Bhanu Kapil from Boulder, CO reading 1999


This Bhanu Kapil recording made me think more about the phenomenon of laughter as a crowd response as well as false starts or re-voicings within an audio text. In this clip, Kapil’s volume and emphasis shifts radically at a few points. One of the effects this has on the audience is that they laugh: Bhanu Kapil excerpt #1

What does/can laughter mean in the context of a live reading? What does the appearance of laughter say about the immediate environment of the performance? How does the existence of laughter at a reading shape (feed back into) the author’s performance of the work? I have found that crowd laughter sometimes corresponds to some sort of excess (the most obvious excess being thematic: something is funny at the level of content BUT ALSO things such as excessive volume, large shifts in reading style, etc.)

Immediately after the clip I’ve included above ends, Kapil begins to read from a different piece and then stops and adjusts her voice. Everyone in the crowd notices this adjustment and laughs and Kapil herself briefly laughs while reading. This moment is so interesting to me because it seems to document the way a crowd’s response influences the reader’s performance, making it momentarily lighter and how the author re-adjusts her performance style to accent a more serious, intense reading voice to match the content of the work. Bhanu Kapil excerpt #2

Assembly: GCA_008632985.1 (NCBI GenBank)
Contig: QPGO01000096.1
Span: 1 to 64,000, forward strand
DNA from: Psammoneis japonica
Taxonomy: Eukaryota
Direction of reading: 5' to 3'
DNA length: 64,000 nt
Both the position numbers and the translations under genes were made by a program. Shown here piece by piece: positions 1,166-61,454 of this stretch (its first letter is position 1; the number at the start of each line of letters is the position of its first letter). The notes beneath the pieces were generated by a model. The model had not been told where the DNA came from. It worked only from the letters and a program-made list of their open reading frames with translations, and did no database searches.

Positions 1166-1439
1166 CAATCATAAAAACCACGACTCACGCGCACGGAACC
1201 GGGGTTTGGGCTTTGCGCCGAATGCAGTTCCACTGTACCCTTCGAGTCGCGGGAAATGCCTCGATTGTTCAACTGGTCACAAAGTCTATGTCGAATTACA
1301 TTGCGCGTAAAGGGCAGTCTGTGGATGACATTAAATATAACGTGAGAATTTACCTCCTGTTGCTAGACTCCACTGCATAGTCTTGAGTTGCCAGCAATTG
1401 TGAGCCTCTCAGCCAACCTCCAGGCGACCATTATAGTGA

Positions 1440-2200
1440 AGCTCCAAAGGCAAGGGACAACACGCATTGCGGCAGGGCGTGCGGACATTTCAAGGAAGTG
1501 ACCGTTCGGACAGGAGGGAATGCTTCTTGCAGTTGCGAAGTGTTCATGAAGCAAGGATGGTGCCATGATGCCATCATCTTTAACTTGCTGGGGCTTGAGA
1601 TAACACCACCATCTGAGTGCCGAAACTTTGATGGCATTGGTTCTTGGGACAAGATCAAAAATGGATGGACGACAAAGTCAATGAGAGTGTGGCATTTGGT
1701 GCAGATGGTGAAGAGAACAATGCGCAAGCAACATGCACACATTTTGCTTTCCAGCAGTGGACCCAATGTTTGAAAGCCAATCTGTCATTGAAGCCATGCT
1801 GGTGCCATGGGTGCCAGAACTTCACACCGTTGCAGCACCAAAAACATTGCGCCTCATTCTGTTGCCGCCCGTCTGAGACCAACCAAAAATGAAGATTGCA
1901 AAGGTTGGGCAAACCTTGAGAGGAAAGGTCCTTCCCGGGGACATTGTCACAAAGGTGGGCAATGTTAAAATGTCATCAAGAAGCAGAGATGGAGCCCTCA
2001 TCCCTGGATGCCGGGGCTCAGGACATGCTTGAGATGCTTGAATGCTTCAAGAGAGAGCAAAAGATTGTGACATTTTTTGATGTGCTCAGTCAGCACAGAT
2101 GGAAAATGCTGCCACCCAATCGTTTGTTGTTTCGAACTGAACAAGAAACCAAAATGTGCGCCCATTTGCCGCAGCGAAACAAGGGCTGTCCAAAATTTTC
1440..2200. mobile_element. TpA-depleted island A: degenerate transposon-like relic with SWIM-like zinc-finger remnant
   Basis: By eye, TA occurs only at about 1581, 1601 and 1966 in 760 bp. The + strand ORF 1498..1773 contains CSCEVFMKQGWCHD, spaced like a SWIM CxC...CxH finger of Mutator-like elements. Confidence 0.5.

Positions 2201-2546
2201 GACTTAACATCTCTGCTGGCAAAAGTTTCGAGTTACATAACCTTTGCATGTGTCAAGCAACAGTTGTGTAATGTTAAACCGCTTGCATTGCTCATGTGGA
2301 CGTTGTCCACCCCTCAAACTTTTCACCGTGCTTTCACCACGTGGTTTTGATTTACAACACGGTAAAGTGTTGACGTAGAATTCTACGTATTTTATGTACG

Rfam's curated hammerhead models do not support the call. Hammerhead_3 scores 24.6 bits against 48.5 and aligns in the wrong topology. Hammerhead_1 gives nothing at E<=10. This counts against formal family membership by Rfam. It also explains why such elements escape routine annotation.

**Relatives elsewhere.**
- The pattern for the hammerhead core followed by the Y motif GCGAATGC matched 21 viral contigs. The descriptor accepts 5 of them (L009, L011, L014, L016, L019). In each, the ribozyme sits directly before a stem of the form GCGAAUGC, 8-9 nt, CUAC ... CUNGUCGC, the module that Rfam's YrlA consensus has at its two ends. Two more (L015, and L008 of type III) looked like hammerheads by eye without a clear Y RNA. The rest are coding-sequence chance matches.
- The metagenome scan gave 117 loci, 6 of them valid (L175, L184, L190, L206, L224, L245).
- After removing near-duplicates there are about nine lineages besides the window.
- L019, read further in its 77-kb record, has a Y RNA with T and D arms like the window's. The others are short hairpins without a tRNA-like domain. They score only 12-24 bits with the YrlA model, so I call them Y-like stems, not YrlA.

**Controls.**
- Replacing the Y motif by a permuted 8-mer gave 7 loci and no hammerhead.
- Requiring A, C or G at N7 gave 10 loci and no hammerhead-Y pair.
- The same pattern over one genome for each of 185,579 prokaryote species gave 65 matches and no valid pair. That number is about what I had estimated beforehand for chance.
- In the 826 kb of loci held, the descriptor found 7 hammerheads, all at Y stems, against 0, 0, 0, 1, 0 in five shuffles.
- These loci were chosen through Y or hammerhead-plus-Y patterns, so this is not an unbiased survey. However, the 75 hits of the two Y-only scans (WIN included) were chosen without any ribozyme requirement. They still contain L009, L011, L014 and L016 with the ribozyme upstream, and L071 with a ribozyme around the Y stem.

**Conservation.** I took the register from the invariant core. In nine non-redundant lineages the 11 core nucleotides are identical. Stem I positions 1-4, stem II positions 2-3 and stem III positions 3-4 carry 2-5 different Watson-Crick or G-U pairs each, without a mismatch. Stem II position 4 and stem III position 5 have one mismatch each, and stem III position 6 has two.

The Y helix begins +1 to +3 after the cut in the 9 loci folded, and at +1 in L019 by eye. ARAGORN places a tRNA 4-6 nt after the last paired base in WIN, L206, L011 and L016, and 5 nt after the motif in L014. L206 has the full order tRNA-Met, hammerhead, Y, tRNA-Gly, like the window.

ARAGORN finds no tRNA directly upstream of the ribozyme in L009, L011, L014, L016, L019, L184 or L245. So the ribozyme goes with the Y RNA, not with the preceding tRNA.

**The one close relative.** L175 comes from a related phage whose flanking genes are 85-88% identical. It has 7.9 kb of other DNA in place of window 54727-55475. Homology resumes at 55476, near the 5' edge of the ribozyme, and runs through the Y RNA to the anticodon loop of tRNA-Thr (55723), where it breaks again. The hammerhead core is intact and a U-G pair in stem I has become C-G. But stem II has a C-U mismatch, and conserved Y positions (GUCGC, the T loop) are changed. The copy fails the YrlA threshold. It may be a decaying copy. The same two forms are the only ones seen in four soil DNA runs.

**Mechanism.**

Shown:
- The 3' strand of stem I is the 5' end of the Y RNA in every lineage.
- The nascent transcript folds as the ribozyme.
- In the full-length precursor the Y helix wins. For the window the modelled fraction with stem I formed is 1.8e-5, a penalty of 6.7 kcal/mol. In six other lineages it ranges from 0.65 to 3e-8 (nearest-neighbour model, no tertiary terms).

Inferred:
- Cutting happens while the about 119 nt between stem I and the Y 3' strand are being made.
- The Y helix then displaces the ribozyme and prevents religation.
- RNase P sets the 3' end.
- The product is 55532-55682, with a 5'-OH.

Maybe it’s not so much a binary between playfulness/humor connected to crowd laughter vs. “seriousness” of an authorial presence in relation to the content of the work. It’s tough to intepret moments like this in a fixed way. One simple way of explaining this shift is that Kapil is clearing her throat or getting back into the rhythm/feel of reading after stopping. I can’t quite put my finger on why this moment interests me so much. I feel like it points to a kind of dynamic between audience, text, and author/performer that is fairly fluid instead of the idea of the writer sticking to the script and not responding to their environment in a significant way. I much prefer reading moments such as these when thinking about these issues instead of really overtly performative work that is highly conscious of the listening/performing environment. It reminds me that these weird, interesting social dynamics, interchanges, etc. are always present to some degree even when they might seem insignificant or invisible.


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